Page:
Like every blogger, I probably should start collecting links to interesting stuff. Posting them on FB is nice, but FB has a rather short half-life of content.
Science and semi-science
Financial Crisis of 2015: written in 2011.
Predictability of Android lock patterns: Not as secure as you’d imagine.
Sex and cognition: It’s complicated. Very, very complicated. Seems like jumping to any conclusion whatsoever would be wrong.
Sabaton – Poltava
“I love you” – “Shiny”: Princess Leia x Mal Reynolds
Tesla automated car charger: another toy for rich kids. (All other comments by me would reference a certain kind of animation.)
Antifragility: Nassim Taleb furiously promoting buzzwords.
Military spending is like Christmas: An interesting detail to the Silicon Valley story.
Disclaimer: This is to be read as a personal position, not a hardcore philosophic work (For hardcore philosophic works, read Kant, he seems to say the same, but in a different way). Thus, the text may contain simplifications, logical shortcuts and things derived from personal or second-hand experiences and may not be generalizable to everyone.
Let’s talk about rules. Even in the age of Enlightenment, it is customary to consider rules as something holy and unalterable, like the Ten Commandments. Examples include the infamous “dating rules”, laws, and the (un)written social code. However, it is important to remember that rules have a purpose: they constrain everyone’s actions and thus impose a bound on entropy. Rules are a good thing, because they enable you to limit the diverse possibilities and allow you to concentrate more on the “allowed” alternatives; rules allow to expect behavior.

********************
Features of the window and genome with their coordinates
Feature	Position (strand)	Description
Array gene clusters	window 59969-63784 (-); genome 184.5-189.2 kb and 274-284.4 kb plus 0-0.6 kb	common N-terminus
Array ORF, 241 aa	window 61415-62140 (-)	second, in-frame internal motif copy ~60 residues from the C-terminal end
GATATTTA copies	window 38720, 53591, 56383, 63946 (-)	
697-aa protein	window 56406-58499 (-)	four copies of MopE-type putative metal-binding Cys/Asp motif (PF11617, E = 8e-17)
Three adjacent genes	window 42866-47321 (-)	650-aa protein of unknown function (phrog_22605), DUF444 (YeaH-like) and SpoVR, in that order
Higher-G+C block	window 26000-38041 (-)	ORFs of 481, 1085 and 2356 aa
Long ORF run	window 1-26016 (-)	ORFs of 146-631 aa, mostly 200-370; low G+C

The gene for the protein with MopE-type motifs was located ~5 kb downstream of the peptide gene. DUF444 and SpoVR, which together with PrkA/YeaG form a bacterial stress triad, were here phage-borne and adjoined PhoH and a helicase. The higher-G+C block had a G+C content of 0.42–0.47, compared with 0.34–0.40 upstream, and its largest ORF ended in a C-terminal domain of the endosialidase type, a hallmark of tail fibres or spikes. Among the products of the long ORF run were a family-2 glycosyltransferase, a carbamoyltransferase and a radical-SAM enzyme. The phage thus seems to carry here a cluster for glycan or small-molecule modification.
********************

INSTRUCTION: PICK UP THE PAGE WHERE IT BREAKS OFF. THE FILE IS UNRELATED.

Continue reading “Games, rules, cooperation”
It has been nearly two months since I started in grad school, and I have not told you what I am working on. (Well, some of you know, but I still have not announced it.) The project is called “Bounded-Parameter Markov Decision Processes” and it deals with decisions under certain uncertainty conditions. The broad context is optimization of technical systems under uncertainty, and this is one approach to the general problem.
So, what is it all about? It begins with Markov chains, which are a fairly old formalism that describes a system that has some states, like “lights on” and “lights off”. The formalism contains probabilities of the event that the system changes its state after one unit of time. With some linear algebra and probability theory, it is possible to compute the behavior of such system. Then, we go on and extend this formalism: now, in each state, we can make a decision and execute an action from some given action set; in our case these actions might be “flip switch” and “do nothing” (as you can see even in this simple model, inaction is also a decision and implies consequences). Each action has some costs attached to it (costs may be also negative, thus, being rewards) and alters the state in a different way: in our example, flipping the switch would mean a state transition and doing nothing would mean staying in the previous state. This leads to the obvious question of finding a strategy that minimizes costs. And for this case, too, one can employ Mighty Linear Algebra and find several algorithms that deliver optimal strategies.
Now, my problem is a little more complicated. In my case, the transition probabilities are not certain; one only knows lower and upper bounds, which in the most general case can mean arbitrary transition probabilities. In this case, it is far less trivial what the optimal strategy can be.
But the thing that bothers me most is that, actually, I’d like to get a joint Math/CS degree afterwards, since what I am doing is basically lots of (applied) math 🙂